29 pages 58 minutes read

Edgar Allan Poe


Fiction | Short Story | Adult | Published in 1838

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Literary Context: Romanticism and The Gothic Horror

Edgar Allan Poe is considered one of the fathers of American Gothic literature, a genre that owes a great deal to the Romantic Era of Europe but developed its own particular characteristics within the American landscape. Romanticism was a literary and artistic movement that was a reaction to the developing industrialized world and the increasing values of rationality and technological progress brought about by the Age of Enlightenment. Romanticism privileged emotions and the individual over scientific logic and globalization of the time. Within the United States, these qualities were particularly important in establishing a uniquely American identity.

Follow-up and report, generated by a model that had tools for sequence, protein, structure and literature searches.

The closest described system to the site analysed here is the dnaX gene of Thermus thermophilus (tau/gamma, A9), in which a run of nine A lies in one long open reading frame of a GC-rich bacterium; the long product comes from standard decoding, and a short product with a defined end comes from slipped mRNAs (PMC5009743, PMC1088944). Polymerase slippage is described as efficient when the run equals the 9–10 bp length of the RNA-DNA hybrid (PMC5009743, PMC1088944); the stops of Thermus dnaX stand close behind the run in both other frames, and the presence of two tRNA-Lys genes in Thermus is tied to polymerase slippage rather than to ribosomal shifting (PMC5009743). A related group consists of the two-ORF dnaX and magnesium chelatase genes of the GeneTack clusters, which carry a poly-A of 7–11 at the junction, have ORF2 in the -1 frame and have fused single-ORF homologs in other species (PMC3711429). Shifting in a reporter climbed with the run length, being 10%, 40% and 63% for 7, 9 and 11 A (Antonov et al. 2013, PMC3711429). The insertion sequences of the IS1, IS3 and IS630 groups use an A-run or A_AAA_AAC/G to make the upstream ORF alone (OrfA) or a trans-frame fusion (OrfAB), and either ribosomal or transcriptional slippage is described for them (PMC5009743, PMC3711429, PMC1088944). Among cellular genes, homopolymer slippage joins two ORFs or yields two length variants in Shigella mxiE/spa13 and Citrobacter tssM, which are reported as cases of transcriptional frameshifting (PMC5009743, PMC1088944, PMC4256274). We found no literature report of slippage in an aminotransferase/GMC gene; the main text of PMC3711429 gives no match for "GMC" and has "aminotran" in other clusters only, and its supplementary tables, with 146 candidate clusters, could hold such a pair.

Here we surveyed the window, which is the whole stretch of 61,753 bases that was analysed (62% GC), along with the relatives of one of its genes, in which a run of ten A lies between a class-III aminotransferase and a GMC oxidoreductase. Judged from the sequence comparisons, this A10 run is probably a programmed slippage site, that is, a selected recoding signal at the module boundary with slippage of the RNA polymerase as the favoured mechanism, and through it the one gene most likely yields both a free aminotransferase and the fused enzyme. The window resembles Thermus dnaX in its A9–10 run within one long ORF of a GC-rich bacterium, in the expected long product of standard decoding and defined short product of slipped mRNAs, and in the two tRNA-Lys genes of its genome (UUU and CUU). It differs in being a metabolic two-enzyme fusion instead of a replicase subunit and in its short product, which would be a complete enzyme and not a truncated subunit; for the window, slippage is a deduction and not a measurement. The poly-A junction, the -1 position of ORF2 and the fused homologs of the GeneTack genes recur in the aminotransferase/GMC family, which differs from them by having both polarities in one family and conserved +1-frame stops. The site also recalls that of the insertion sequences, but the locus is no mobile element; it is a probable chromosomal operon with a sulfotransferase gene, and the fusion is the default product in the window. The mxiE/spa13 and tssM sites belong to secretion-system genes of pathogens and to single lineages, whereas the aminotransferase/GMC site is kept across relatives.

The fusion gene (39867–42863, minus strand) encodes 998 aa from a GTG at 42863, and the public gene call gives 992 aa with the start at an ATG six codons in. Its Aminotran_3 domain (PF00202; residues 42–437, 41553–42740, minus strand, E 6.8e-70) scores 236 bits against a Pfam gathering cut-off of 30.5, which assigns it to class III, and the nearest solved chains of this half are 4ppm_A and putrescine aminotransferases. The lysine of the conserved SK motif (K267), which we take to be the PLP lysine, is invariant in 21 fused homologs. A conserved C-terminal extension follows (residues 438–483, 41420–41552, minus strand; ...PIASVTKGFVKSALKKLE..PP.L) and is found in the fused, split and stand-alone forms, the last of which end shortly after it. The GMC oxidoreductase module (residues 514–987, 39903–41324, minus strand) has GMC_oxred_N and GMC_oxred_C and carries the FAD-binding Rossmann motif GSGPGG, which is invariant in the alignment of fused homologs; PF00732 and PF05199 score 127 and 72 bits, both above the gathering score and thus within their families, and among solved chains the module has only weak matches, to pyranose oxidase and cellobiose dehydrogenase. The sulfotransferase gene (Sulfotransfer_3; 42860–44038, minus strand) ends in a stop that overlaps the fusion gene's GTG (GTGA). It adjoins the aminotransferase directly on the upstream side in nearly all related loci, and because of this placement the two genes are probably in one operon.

Even as such Romantic literature, like that of Ralph Waldo Emerson and Henry David Thoreau, helped to establish a uniquely American literary ethos, which was invested in the common man’s relationship with nature, other literature, like that of Poe and Nathaniel Hawthorne veered into the macabre and the Gothic. Primarily known as a literary movement in 18th-19th century Europe, Gothic literature made use of melancholy themes, ghostly and monstrous figures, and vast isolated settings in order to express and navigate the social and culture anxieties of the time. Specifically, European Gothic reflected an obsession with the past and how that past and the present were in serious, sometimes violent conflict.